Slipknot Is Back...But Who's Buying?

Categories: Fiesta!

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Photo by Todd Owyoung
Slipknot returns to St. Louis with Lamb of God on August 16. Check out more photos of Slipknot at the 2012 Mayhem Festival here.
Late last year Slipknot rose from the ashes, releasing its first new record since 2008 and its first since losing drummer Joey Jordison and bassist Paul Gray in October. .5: The Gray Chapter has been praised as a return to form for the band, going back to the roots of its more successful sound on the album Iowa back in 2001. Slipknot is in the midst of a European tour with fellow nu-metallers Korn, and just this week the band announced a St. Louis stop at Hollywood Casino Amphitheatre.

This renaissance is surprising, to say the least. For the fans, it's welcome and overdue. For the rest of us, it's just raising all kinds of questions. Full disclosure: I always hated Slipknot, growing up in the era where the group was at its peak. But could that change? Could all these years have melted my icy heart?

See also: Six Nu-Metal Bands You Shouldn't Be Ashamed To Like

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Check Out This Awesome Flyer for Riff Raff's Upcoming St. Louis Show

Categories: Fiesta!

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Art by @_JakeReeder
Fredbird burns one down with his good pal Riff Raff.
Riff Raff is coming to town -- maybe you already knew. The Diplo-approved rapper also known as Jody Highroller will make a stop at the Ready Room on February 8 -- the last time he came to town was May 23, when he brought giant cardboard cutouts of his own face, venue-shaking trap beats and ratchet babes with him. This upcoming show should be no less a lesson in the absurd.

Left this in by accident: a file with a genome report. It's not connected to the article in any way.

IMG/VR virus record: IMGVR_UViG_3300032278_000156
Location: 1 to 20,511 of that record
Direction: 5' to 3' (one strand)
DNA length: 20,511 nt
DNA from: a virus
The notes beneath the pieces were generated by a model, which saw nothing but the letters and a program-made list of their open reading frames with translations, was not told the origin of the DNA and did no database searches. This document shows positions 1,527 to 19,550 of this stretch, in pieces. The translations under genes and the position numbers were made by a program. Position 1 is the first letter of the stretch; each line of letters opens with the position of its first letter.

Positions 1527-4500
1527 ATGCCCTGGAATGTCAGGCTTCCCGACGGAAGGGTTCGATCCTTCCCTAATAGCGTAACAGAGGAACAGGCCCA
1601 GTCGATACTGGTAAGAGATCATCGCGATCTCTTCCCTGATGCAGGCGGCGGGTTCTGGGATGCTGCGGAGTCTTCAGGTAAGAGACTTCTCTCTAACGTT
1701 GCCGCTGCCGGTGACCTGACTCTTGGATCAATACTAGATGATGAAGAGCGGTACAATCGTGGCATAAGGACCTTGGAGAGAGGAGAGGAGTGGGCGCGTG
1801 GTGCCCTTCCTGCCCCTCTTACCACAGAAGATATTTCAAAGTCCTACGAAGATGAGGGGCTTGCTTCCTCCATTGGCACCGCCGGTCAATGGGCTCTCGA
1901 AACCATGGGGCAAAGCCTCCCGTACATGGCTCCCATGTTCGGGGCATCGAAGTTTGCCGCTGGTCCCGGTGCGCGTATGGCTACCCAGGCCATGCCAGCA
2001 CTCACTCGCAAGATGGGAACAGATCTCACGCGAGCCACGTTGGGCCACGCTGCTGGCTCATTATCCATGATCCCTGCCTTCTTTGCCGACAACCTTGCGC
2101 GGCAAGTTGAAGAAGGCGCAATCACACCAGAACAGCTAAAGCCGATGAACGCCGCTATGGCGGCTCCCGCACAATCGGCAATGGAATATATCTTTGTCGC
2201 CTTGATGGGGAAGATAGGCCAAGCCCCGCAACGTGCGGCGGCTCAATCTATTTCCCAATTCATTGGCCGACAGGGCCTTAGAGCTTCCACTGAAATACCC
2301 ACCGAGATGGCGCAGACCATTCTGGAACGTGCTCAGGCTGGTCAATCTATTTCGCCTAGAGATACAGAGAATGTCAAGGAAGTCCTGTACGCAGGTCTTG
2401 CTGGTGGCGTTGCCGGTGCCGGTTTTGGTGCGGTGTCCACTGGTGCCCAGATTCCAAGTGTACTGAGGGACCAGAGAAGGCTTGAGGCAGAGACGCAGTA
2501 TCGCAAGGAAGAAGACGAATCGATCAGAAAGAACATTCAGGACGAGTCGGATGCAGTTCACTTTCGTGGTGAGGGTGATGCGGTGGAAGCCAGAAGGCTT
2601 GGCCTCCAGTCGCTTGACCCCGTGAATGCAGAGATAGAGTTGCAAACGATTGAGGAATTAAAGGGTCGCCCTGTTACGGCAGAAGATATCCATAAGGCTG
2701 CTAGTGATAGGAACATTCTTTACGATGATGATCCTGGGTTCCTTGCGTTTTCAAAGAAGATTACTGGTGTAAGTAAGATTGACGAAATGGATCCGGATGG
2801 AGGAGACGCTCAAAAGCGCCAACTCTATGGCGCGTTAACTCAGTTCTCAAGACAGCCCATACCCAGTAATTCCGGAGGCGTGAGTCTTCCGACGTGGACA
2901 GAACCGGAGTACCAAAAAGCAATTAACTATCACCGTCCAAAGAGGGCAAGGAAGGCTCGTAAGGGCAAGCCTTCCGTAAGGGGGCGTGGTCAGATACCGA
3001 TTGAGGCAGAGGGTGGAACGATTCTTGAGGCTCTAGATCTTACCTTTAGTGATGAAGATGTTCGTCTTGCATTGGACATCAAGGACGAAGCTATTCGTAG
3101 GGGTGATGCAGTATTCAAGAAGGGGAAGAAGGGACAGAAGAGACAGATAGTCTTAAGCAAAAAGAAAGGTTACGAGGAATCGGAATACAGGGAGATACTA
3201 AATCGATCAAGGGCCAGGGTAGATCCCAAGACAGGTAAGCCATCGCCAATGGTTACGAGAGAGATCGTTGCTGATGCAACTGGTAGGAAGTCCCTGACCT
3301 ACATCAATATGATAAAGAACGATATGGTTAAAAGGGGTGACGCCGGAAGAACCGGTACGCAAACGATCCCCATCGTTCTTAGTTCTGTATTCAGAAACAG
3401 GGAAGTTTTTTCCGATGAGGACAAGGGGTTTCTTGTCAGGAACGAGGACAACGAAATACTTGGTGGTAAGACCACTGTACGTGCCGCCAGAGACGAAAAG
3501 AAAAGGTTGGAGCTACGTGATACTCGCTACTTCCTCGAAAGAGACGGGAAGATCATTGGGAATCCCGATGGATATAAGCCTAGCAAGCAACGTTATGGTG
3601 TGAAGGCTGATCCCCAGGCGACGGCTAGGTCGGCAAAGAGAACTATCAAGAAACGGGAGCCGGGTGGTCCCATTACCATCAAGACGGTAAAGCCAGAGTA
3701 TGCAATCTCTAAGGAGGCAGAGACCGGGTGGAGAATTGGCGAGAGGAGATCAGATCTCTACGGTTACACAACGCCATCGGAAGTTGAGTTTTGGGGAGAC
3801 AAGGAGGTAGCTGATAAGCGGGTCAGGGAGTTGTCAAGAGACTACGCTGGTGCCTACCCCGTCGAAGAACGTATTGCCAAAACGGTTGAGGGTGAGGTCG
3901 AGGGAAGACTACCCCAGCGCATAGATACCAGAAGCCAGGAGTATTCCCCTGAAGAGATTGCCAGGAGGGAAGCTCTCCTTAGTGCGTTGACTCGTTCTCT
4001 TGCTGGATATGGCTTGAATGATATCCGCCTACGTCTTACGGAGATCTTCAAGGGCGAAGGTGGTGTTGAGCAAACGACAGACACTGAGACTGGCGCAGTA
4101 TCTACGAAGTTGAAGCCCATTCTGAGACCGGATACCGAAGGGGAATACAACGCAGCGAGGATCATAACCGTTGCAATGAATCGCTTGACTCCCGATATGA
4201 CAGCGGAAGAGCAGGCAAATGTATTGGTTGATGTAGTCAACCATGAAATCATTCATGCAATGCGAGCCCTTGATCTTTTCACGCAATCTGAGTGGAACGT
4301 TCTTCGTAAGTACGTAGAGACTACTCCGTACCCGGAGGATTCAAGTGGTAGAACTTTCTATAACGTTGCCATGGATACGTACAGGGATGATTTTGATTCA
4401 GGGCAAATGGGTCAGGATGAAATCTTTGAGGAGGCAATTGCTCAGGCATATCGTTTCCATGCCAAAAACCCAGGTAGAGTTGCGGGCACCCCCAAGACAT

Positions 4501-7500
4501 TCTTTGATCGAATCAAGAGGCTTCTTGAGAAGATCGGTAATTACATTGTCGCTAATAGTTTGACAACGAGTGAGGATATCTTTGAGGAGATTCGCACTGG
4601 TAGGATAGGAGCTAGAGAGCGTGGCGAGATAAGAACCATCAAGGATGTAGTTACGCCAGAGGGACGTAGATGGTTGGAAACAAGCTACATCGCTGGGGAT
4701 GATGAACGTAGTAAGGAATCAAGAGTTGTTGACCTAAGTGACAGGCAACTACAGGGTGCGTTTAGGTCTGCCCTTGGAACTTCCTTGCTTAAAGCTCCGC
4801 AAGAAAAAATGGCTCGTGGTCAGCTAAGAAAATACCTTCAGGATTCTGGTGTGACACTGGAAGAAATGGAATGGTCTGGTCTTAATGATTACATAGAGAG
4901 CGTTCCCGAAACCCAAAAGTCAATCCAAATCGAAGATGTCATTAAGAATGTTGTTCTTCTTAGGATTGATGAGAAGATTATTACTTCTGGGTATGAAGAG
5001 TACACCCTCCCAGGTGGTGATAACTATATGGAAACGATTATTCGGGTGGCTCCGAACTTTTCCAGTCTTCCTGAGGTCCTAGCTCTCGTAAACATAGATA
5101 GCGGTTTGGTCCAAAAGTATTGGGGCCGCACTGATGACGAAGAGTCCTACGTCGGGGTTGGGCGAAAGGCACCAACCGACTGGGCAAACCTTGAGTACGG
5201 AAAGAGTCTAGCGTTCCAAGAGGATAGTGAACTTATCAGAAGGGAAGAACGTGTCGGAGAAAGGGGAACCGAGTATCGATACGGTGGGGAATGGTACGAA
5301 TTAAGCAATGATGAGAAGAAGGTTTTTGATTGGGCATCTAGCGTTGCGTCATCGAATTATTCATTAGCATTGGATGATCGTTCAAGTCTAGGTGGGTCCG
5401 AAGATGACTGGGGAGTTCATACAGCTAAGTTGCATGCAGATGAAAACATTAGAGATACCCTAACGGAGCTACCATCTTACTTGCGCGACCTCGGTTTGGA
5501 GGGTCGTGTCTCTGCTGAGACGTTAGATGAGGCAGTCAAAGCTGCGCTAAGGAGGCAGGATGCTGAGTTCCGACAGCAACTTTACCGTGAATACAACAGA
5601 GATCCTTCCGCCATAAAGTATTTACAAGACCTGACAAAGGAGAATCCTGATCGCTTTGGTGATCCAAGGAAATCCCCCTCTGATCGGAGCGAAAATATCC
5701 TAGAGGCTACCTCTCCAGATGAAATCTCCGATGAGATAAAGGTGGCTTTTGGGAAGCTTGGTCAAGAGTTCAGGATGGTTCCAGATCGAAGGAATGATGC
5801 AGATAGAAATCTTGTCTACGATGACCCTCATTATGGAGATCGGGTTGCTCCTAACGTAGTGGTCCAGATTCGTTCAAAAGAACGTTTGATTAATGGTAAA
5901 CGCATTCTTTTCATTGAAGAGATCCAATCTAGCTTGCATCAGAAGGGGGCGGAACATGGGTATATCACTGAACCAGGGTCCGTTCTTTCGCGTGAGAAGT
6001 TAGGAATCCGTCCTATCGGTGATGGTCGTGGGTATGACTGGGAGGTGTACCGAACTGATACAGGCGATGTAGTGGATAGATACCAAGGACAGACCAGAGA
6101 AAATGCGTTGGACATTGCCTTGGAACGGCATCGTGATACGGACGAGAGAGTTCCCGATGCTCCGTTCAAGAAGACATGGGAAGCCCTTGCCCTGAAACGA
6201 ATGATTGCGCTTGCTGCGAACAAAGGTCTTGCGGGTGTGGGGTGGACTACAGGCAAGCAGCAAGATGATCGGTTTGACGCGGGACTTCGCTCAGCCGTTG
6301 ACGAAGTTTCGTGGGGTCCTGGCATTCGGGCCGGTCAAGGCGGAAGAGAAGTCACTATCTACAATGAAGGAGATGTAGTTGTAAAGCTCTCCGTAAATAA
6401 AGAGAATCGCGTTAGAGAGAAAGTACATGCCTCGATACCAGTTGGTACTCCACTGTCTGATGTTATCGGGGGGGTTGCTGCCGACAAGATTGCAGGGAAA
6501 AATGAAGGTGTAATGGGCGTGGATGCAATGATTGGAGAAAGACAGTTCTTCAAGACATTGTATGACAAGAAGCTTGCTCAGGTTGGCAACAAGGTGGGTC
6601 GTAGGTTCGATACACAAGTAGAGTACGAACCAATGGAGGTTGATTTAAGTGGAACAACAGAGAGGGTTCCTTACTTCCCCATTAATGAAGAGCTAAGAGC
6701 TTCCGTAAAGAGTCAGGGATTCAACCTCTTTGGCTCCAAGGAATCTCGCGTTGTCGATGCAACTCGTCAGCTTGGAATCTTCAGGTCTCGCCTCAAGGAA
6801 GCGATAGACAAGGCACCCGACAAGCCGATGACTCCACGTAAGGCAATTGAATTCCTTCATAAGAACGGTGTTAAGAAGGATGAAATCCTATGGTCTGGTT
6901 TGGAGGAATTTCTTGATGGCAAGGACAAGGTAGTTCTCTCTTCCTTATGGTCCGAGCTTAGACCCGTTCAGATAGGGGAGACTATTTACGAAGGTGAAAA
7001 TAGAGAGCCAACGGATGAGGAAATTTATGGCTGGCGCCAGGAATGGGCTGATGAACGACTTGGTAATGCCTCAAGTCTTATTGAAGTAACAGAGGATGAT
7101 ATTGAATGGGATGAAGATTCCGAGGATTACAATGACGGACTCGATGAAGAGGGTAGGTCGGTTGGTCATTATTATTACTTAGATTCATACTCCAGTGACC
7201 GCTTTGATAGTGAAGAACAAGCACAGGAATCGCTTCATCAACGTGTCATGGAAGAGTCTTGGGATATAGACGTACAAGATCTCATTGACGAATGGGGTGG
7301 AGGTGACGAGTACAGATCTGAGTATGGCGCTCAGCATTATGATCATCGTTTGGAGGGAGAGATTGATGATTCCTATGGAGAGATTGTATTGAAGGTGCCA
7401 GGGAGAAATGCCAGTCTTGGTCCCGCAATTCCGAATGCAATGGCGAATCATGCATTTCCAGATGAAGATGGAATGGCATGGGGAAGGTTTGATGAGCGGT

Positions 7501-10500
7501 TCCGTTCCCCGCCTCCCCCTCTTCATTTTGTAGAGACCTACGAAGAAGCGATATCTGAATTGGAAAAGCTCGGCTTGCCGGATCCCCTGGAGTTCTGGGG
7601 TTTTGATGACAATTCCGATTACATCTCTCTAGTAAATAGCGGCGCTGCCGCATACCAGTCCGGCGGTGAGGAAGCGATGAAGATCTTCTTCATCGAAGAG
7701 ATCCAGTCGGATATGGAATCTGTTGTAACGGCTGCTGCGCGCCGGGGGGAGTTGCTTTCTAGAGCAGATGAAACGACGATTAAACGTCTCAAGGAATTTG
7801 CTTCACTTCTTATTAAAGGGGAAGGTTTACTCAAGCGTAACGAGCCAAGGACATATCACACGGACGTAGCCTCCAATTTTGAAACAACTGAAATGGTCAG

Case in point: Check out this awesome flyer for the show.

See also: Riff Raff at the Ready Room: Photos

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Will the Drug Policy Alliance's "Best Practices" Lead to Fewer Overdoses at Festivals?

Categories: Fiesta!

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Timothy Norris
More likely than not, some of these people are on drugs.
Recently, the Drug Policy Alliance issued a guide called "Managing Drug Use at Your Event: An Event Producer's Guide to Health and Safety Best Practices." The title alone is enough to raise eyebrows from the "Just Say No" crowd. But if a decades-long "drug war" has taught us anything, it's that tough law enforcement and public service announcements don't stamp out drug use.

See also: These Bracelets and Headbands Let You Sneak Weed Into Festivals

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Sub Pop's Bruce Pavitt Writes Book, Offers Advice To Bands: "Keep It Fun, You Know?"

Categories: Fiesta!

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Wikipedia / Bruce Pavitt
Bruce Pavitt, taking a selfie on Orcas Island.
Bruce Pavitt is best known as a founder of Sub Pop Records -- the label that is credited with bringing Nirvana, grunge and the entire "Seattle sound" to the masses more than twenty years ago.

Pavitt's devotion, skill and connections fed the early days of this regional music movement that eventually led to a sea change in the entire music industry, but Pavitt is more than just a tastemaker; he's a hard worker. And over the years he'd built a respected brand under the "Subterranean Pop" name-- first as a radio show, then a zine and eventually as the name of the record label that he founded with Seattle DJ Jonathan Poneman that would release some of the most groundbreaking music of our time. Over the course of his life, Pavitt has worked nearly every job in the industry. He's been a radio DJ, a zine publisher, a rock column writer, a record store founder, a club DJ, a record label founder and now an author and music historian.

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Twelve St. Louis Submissions for NPR's Tiny Desk Contest

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Screenshot from Al Holliday's entry.
The Tiny Desk Concert series from "All Songs Considered" host Bob Boilen is looking for new talent, and St. Louis is coming out in force.

Who knew that such an itty-bitty desk could have such a big impact?